Oh, how I wished that this blog would never be written.
A few days ago, with the Preds rolling, the Blackhawks stumbling, and a fifth-seed clinch just out of arm's reach, I couldn't help but look at the world with unabashed optimism. Spring had sprung, the air was warm, the grass was green, and little cartoon birds fluttered around my head, whistling melodic tunes as we barreled toward a favorable first round matchup with the inexperienced Phoenix Coyotes.
Fast forward to today, a scant time later. The weather has darkened, clouds have rolled in, and there's a biting chill in the air. ACME-branded anvils have crashed down upon the heads of those cartoon birds, silencing them forever. And worst of all? The Blackhawks have surged past the Sharks, the Red Wings have drawn even with the Predators, and a Western Conference Quarterfinal tilt between the Nashville Predators and the San Jose Sharks looks devastatingly possible, if not downright probable. That classic old David\Goliath tale that lacks the happy, slain-giant ending of its Biblical counterpart. No, the San Jose Goliath just laughs as we sling pebbles at his giant teal, black and orange visage.
But that was then, right? Right? Three years have passed since the Sharks dispatched the Predators in 5 games, despite the home-ice advantage bestowed upon the Preds for finishing in fourth place. Many faces have changed for both teams, though more notably the Predators. That playoff series was the advent to the Leipold\Balsillie fiasco, and represented the one time in our history that we truly "went for it," after acquiring Peter Forsberg shortly before the trade deadline. The end result was short of expectations, and the Preds and their faithful went home disappointed, blissfully unaware of the manner in which their foundations would be upheaved just a few weeks later. The Sharks have also undergone some turnover, losing such notables as Jonathan Cheechoo and Milan Michalek, though they did replace them with Dany Heatley, Dan Boyle, and a fully-broken-out Joe Pavelski. The point remains that it was two largely different teams that did battle in those consecutive playoff series, and that brings me to the silver lining I will attempt to unfold for you.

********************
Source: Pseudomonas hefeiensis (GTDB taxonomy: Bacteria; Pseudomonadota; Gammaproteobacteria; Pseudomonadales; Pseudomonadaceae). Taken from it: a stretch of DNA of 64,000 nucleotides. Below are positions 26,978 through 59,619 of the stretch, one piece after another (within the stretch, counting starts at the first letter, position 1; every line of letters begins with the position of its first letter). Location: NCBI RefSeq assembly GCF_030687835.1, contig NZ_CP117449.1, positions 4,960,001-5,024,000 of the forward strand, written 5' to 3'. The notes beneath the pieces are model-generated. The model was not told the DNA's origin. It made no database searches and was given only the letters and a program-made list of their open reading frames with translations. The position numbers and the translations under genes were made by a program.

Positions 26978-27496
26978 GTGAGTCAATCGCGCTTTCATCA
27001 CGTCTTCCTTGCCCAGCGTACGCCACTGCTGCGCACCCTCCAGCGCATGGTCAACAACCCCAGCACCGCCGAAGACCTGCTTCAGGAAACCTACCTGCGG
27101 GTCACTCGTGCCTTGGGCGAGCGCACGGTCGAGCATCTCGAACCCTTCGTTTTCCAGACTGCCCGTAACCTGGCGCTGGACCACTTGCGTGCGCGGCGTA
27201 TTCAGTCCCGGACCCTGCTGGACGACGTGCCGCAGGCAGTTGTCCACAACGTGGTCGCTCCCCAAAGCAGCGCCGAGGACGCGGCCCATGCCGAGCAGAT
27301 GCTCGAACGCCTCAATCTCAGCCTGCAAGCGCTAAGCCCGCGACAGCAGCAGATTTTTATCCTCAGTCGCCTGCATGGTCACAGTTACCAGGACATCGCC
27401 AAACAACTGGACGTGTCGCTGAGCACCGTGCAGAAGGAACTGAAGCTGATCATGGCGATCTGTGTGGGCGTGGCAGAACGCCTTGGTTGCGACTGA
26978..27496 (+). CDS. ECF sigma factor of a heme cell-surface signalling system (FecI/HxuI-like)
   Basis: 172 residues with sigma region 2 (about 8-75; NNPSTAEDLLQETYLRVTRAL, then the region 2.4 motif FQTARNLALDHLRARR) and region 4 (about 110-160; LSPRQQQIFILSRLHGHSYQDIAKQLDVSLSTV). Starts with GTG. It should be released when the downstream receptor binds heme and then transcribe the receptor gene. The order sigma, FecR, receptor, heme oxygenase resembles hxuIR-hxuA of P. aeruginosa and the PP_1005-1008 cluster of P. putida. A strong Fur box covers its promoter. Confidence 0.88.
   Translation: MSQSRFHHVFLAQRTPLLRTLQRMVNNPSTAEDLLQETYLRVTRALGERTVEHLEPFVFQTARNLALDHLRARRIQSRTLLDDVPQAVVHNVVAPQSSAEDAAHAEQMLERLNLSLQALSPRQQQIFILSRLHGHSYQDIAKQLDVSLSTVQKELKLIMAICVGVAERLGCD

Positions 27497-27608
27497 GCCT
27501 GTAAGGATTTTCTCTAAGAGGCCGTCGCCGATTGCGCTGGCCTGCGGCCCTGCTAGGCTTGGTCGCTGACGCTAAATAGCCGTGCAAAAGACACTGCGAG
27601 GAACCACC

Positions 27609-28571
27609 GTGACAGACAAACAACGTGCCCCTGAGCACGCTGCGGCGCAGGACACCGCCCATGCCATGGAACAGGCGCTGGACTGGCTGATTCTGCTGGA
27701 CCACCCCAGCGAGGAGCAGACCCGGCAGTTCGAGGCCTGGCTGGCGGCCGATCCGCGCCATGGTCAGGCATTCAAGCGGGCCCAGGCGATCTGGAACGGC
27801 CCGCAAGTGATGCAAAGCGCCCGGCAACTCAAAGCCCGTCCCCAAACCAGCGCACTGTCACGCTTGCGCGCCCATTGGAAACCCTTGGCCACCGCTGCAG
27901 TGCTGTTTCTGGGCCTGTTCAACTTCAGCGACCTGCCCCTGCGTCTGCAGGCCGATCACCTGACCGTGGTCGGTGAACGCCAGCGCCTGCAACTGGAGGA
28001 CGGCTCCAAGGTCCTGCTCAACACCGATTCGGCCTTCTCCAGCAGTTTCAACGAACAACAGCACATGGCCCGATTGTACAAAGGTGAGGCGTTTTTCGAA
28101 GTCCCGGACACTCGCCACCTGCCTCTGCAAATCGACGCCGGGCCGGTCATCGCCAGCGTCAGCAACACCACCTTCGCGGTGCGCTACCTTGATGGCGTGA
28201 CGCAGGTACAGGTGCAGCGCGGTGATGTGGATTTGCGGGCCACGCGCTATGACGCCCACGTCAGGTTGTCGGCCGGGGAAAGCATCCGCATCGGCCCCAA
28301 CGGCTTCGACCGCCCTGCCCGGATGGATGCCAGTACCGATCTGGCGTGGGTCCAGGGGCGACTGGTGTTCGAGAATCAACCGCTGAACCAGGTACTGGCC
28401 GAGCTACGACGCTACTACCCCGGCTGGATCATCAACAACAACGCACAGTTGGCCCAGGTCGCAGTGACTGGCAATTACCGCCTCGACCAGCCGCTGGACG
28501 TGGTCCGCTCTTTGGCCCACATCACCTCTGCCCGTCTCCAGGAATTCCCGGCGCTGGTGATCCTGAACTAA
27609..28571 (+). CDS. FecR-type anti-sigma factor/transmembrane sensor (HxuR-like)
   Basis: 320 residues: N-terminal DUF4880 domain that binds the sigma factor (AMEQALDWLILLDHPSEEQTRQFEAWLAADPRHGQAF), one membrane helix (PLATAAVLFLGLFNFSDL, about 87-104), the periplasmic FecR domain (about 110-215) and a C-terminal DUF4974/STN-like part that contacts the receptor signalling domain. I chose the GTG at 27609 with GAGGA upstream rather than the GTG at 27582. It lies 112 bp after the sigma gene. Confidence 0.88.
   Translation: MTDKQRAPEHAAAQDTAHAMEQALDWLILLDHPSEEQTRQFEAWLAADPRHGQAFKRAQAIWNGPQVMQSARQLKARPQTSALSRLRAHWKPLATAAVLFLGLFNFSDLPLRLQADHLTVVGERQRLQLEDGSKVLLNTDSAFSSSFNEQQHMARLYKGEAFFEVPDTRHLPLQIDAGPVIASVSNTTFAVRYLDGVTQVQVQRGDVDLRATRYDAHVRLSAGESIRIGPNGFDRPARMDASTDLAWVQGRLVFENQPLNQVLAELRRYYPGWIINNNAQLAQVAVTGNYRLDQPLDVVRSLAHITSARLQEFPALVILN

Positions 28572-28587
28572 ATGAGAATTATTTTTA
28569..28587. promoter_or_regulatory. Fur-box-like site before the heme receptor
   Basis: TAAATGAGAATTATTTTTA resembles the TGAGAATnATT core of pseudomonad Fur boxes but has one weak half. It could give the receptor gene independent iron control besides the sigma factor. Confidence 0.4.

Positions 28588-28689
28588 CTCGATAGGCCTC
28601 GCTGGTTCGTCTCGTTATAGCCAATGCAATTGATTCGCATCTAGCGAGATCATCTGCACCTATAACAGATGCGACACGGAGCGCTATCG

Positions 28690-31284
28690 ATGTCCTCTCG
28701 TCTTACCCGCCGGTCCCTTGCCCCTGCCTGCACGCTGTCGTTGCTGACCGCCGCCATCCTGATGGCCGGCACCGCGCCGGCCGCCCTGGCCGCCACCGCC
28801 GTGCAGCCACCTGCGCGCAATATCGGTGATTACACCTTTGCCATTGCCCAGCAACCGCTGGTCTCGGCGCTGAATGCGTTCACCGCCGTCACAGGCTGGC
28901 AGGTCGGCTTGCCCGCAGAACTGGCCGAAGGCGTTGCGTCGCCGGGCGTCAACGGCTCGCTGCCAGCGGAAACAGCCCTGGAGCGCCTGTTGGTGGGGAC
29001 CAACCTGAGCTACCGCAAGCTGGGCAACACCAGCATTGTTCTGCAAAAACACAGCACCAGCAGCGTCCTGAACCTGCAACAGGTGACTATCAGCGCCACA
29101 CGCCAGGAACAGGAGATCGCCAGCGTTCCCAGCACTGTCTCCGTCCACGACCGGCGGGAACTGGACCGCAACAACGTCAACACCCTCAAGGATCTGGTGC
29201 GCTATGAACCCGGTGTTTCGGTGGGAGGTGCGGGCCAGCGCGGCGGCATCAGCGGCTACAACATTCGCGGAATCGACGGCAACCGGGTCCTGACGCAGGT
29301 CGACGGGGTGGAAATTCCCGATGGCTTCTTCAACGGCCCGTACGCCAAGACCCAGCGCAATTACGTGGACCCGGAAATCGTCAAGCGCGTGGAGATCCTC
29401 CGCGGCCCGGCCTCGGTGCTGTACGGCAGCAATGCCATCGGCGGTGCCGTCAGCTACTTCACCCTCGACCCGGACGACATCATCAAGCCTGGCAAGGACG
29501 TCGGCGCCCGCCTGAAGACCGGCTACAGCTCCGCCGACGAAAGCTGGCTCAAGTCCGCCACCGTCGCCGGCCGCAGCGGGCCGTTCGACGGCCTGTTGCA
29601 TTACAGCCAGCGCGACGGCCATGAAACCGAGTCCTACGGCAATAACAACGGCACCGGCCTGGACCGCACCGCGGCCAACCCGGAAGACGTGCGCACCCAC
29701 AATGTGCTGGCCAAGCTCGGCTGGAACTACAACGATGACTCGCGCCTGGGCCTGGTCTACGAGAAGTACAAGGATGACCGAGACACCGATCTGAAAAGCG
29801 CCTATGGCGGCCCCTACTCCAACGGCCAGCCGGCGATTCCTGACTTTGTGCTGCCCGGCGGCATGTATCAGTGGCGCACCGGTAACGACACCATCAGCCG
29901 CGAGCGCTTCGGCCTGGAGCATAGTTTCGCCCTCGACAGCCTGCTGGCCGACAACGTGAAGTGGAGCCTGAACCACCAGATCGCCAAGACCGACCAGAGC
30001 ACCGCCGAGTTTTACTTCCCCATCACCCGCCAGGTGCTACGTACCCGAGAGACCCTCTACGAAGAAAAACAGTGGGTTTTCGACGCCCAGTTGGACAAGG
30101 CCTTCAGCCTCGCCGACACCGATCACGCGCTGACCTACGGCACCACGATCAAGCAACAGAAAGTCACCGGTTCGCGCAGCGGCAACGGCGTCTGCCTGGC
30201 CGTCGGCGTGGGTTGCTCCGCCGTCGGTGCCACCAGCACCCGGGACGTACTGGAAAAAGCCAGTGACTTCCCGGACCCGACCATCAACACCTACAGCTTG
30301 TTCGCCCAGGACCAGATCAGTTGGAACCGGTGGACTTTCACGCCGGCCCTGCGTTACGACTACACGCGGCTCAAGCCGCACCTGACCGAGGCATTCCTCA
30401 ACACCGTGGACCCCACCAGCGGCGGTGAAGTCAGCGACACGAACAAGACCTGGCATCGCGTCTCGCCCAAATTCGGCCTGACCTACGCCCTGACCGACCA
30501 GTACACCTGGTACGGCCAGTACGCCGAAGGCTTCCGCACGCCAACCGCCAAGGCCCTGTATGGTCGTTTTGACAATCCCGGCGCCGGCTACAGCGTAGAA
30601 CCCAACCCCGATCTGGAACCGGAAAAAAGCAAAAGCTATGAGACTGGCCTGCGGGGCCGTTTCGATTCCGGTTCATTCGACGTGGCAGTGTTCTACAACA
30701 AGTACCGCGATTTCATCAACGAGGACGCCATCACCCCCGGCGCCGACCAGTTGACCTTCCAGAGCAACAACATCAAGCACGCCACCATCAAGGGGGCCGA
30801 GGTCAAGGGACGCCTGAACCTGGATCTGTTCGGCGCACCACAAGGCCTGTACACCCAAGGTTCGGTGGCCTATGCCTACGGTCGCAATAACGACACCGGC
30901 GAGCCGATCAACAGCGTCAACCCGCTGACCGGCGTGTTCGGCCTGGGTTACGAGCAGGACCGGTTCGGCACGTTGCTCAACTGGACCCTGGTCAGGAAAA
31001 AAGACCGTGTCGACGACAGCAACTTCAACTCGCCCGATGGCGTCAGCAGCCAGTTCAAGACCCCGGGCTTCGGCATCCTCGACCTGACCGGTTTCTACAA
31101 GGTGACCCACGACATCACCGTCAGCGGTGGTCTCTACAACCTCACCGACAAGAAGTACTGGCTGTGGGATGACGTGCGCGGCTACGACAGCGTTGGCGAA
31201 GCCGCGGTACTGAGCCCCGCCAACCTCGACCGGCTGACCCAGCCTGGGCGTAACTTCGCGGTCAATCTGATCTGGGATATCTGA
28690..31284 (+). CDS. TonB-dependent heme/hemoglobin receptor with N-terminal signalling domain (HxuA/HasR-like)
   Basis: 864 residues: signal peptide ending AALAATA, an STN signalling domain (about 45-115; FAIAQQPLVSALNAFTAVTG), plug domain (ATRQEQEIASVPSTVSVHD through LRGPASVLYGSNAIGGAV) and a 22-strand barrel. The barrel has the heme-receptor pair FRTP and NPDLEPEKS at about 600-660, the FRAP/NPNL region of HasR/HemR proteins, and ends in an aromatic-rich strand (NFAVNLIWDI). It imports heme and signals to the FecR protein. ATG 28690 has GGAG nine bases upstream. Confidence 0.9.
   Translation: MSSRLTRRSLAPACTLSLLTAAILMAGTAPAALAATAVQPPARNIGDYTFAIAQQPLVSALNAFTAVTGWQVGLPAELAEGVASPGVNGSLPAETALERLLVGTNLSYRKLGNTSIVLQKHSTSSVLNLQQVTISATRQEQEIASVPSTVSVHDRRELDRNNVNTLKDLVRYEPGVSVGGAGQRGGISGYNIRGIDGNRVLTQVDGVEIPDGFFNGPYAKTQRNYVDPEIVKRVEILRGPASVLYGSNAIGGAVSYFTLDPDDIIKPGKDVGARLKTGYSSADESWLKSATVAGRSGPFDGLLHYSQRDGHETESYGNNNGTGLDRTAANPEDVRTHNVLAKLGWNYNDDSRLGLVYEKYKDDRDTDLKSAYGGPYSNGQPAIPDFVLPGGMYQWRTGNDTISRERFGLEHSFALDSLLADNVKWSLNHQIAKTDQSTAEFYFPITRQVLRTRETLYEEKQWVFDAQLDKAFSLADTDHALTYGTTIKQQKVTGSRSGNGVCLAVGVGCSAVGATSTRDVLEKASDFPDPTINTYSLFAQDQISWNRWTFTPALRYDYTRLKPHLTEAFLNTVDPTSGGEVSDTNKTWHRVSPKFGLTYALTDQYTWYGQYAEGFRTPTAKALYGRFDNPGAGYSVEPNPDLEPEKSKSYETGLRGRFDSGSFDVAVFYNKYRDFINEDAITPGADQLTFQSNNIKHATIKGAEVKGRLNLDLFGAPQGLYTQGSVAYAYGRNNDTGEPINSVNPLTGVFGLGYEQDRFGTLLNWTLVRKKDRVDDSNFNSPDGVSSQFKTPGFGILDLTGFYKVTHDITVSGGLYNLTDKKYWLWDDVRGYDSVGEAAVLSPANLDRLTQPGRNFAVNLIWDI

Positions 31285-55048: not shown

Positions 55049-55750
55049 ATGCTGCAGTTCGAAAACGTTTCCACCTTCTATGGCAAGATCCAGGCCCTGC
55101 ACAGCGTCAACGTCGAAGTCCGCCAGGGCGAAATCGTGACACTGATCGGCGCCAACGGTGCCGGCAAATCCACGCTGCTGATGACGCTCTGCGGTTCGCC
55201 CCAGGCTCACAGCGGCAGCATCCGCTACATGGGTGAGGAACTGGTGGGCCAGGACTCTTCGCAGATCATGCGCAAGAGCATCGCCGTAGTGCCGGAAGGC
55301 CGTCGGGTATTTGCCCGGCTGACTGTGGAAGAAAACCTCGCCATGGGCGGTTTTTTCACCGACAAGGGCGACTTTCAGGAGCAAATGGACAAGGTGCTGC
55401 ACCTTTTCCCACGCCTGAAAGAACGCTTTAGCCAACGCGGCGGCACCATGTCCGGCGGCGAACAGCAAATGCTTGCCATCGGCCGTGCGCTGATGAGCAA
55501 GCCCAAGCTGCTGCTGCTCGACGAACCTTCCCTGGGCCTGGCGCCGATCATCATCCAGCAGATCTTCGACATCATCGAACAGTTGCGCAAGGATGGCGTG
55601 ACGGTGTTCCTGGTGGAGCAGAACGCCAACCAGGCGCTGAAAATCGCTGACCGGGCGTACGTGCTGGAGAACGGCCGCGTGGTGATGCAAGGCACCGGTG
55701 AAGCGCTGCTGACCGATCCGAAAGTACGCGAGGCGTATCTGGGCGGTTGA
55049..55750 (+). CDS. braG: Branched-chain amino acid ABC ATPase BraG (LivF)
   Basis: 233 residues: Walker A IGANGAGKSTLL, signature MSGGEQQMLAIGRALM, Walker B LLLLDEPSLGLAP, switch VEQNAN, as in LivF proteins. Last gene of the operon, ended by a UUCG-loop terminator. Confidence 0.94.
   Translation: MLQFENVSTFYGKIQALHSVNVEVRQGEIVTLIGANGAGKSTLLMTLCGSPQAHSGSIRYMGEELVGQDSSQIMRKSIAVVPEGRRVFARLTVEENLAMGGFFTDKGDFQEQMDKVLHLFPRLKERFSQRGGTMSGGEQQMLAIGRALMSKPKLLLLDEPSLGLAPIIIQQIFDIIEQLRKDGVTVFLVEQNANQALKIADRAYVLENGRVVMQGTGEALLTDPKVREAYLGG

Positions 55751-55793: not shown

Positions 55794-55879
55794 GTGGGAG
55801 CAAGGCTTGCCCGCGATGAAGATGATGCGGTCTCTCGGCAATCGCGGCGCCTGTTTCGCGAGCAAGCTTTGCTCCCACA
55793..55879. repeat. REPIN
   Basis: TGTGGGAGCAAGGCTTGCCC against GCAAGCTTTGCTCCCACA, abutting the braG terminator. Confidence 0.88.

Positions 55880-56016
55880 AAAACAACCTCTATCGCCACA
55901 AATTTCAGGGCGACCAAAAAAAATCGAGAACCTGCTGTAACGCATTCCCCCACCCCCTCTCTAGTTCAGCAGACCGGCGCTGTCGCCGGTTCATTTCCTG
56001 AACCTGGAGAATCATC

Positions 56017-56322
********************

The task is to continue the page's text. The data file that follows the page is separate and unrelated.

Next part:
WHY WE WANT TO PLAY THE SHARKS
It's difficult to even articulate such a thought, honestly. However, let's approach this positively. As stated, these are two different teams, with a lot of ground traversed by both since that last postseason meeting. The Sharks have imposed their typical blitzkrieg march through the regular season, but have been repeatedly eluded by playoff success. The Predators made an unlikely run to the playoffs in 07-08, before falling short against the Red Wings in six games. Last season, they missed the playoffs for the first time since the 02-03 season. My primary reasoning for why we'd want to play the Sharks is based mostly in the intangible--call it a hunch. I feel that this year's Predators are better equipped for playoff success, and we owe the San Jose Sharks a large deal of credit for that preparation. David Poile made no secret of his disappointment after the last exit to the Sharks, and seems to have moved away from the philosophy that gave us success in the years immediately after the lockout--a small, speedy, attack-on-the-rush team--in favor of a model that stacks up better against the Sharks. He's placed emphasis on drafting big forwards, and the coaching staff has implemented a system based in quick outlet passes, an aggressive forecheck, and strong puck possession. Will these adjustments be enough? Do we have the secondary scoring to overcome the Sharks' defense, and will our own defense be able to contain the numerous weapons the Sharks have in their arsenal? These are the questions that must be answered, and will ultimately decide the Predators' fate in such a series.